It's all so very exciting. We need to hurry up and wait! 

It only seems fitting that on our first Advent night we read a book about Jesus as a boy, about Mary telling Him the stories of Love surrounding His birth. About her excitement following an angelic visit, Joseph's immediate reaction upon hearing that his betrothed was pregnant, about shepherds and angels and magi ... and elephunks that looked more like camels. The waiting Mary had to do: waiting for Elizabeth to give birth; waiting for Joseph to come to terms with God's plan or divorce her; waiting to give birth to Jesus; waiting through her fears for His adult life as He grew from baby to child to adult. 



Thankfully, my family didn't have too much time to wait from the first Sunday in Advent until we celebrated St. Nicholas Day at Tuesday Night Sunday School. December 6th will swiftly arrive, bringing with it a visit from St. Nicholas and the first of three gifts for our children this season. St. Nicholas usually gives an experience - tickets to a performance, museum, science center, movie, or other exciting adventure - instead of a thing. And then the waiting to go to that place or have that experience begins!



Each morning we open and read together a Christ-centered book in anticipation of His arrival. Every Advent night we open another "door" on our Advent calendar, this year online with alternating devotions and fun. Each day we add a stone to our Advent spiral path, moving closer to the Birth, and adding a word, idea, or concept to concentrate on as we move through our day: Love, Family, Holy, Whimsy, Compassion, Giving, Fun, and Spiritual Gifts among them. And we read the Sacred Story of Jesus' birth one tiny book at a time.

As we wait, our hearts open to Love come down and Grace gifted. From Mary's first angelic visit to the visit from the Magi, we wait and celebrate. 
Hurry the Lord is Near! 

Thursday, December 4, 2014

People Keep Asking


People keep asking me what I want for Christmas. And for my birthday - the big 40 - which is five days later. "Something you want, but would never buy for yourself," one friend asked. I honestly have no idea what that is.

So much of what I want is out of reach ... making my home handicapped friendly and adequately organized, a second bathroom, a freezer full of meat so I don't have to worry about feeding my family, a way for me to make money to contribute to my family despite my ever-growing health issues. A diagnosis for my new symptoms and plan for treatment for all my medical issues. The energy to get things done and keep my house clean.

I suppose what I really want is peace of mind. Knowing my house is functional, that I can put food on the table, and that we can pay our bills without struggling.  Being able to purchase health/medical items not covered by insurance without feeling guilty for taking money away from my family's needs. Knowing the possibilities of what my physical future holds instead of being off meds and left wondering and getting worse.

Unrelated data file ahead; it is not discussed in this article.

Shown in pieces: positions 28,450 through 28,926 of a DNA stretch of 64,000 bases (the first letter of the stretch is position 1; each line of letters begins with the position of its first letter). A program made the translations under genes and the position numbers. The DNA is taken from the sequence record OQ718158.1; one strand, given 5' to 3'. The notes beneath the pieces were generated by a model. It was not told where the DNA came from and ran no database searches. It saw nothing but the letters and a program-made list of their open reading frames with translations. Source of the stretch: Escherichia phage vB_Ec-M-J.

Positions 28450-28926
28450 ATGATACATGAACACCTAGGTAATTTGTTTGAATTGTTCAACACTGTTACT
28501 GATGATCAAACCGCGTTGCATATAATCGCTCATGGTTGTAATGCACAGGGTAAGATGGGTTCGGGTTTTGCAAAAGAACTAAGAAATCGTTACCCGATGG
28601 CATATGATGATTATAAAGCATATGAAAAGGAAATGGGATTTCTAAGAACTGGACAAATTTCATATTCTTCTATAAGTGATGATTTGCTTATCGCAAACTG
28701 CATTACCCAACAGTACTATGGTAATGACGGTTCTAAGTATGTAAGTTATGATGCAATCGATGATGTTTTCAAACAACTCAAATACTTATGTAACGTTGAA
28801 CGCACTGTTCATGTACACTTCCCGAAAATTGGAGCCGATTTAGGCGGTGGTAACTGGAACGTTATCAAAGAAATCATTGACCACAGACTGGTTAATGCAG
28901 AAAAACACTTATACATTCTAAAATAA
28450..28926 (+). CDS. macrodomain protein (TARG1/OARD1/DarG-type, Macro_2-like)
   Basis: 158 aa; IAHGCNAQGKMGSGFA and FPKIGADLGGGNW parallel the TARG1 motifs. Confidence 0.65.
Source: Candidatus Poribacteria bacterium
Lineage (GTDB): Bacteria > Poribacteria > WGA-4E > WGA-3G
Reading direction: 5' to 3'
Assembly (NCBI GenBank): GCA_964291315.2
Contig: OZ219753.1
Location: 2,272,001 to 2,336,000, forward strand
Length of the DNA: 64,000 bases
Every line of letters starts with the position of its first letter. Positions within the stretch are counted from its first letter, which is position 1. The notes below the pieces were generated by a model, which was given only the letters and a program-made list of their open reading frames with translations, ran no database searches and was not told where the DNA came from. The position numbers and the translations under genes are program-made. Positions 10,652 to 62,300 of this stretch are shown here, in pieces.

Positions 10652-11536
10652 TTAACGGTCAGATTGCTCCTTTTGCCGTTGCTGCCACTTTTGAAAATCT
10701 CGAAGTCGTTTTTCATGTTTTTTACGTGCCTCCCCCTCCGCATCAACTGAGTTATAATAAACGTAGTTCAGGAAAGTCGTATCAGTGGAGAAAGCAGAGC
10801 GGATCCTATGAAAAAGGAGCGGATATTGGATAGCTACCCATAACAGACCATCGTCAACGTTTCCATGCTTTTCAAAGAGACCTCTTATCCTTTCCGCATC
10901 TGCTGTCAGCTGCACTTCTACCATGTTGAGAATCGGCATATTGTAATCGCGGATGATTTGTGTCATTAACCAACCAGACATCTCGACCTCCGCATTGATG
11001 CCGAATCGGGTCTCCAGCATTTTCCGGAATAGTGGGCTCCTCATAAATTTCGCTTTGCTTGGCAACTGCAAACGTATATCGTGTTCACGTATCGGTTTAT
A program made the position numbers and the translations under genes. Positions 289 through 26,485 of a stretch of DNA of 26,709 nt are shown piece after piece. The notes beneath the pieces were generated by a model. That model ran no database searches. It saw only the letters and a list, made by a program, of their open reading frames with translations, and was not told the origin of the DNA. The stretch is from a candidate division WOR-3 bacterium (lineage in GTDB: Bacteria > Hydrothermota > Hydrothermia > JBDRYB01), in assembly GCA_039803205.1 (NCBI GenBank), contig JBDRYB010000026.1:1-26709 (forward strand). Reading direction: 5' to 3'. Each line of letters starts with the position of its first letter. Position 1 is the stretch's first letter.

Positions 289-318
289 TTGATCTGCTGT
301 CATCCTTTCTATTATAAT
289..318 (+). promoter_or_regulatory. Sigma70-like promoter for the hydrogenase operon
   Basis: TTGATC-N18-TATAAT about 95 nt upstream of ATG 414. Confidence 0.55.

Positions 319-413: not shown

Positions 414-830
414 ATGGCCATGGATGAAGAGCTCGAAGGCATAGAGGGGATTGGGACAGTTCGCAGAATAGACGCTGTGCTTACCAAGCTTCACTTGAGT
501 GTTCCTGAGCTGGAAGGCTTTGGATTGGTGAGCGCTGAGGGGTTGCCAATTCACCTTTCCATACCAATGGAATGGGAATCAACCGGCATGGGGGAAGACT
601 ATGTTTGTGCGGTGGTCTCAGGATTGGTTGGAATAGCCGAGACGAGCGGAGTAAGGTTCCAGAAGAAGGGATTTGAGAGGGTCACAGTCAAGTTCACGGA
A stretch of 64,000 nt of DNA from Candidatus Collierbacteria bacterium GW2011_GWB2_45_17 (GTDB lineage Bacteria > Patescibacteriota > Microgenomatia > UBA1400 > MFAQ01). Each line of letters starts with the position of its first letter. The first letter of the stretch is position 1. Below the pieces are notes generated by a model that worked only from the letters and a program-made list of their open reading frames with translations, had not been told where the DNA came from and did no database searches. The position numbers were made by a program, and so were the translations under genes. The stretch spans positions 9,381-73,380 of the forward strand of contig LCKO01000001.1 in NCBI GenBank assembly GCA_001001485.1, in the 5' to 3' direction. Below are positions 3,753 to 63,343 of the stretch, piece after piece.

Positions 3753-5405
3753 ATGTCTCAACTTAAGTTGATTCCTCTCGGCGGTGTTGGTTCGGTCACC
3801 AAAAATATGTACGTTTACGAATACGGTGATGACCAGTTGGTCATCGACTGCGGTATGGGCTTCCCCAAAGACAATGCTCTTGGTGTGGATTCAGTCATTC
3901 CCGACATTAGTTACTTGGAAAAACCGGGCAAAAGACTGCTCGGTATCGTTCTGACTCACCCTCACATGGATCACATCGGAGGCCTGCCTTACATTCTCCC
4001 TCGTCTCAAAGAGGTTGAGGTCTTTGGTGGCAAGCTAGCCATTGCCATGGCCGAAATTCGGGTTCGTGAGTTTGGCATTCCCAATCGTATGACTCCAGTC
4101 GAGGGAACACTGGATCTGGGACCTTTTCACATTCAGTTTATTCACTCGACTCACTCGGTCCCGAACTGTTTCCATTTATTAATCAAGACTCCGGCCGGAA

I've thought, and thought, and thought. Wool socks? An electric blanket? I don't know. My mind is consumed with the huge life issues and I can't think on a smaller scale.

Enough. I want enough. Enough of a change to my house where it is livable for me with decreased mobility. Enough money to pay all the bills every month. Enough food to get us through without mounting panic as the month wanes. Enough knowledge of my health issues to have a plan of action.

And I want to feel like enough. Like I'm contributing enough financially and around the house. Like I have enough energy and brain power to be a good enough mother, wife, and friend. 

I know all of this will come with time, hard work, medical treatment, and with persistence. At least that's my hope. 

I still don't have an answer to the question that people keep asking, but I appreciate more than words can say that there are people in my life who care enough to ask. So I guess it comes down to this: your love and caring is enough. 


Monday, December 1, 2014

Ways to Torture Your Kids, Christmas Edition



1. Ask them what they want for Christmas. Every time they say something, shake your head about their choice and ask, "What else?"

2. Every few days, say, "You wanted a __insert item child does NOT want here ____, right?" Act upset with yourself when they tell you they want something different.

3. Wrap their Christmas gift early - or better yet,  a random household object - and leave under the tree or anywhere else in the house. Every once in a while, comment about how excited you are for them to open their gift.

4. Wrap their gifts in layers of wrapping paper, yarn, bags, and tape. Make sure the final product is much bigger and a totally different shape than the gift itself.

5. Watch the same holiday movie from your childhood over and over and over and over.

6. Replace all Netflix queues with only Christmas movies.


7. Have Christmas music playing at all times. Well, except when you're watching Christmas movies.

8. Start baking Christmas cookies right after Thanksgiving. Let the kids help roll, cut, and decorate sugar cookies or another family favorite. Announce as you take the first batch out of the oven how thankful you are to get the baking done early, and how every single cookie is going into the freezer for all the Christmas festivities coming up.

9.  Arrange for care for your kids for a day and tell them you're going Christmas shopping for them. Post pictures of yourself on facebook throughout the day - at the movies, out to dinner, etc. and tag your kids in the photos. Then post a picture at the dollar store with the description "Christmas shopping for the kids."

10. Ask your children at least two dozen times a day if it's Christmas yet.


Tuesday, November 25, 2014

Possessed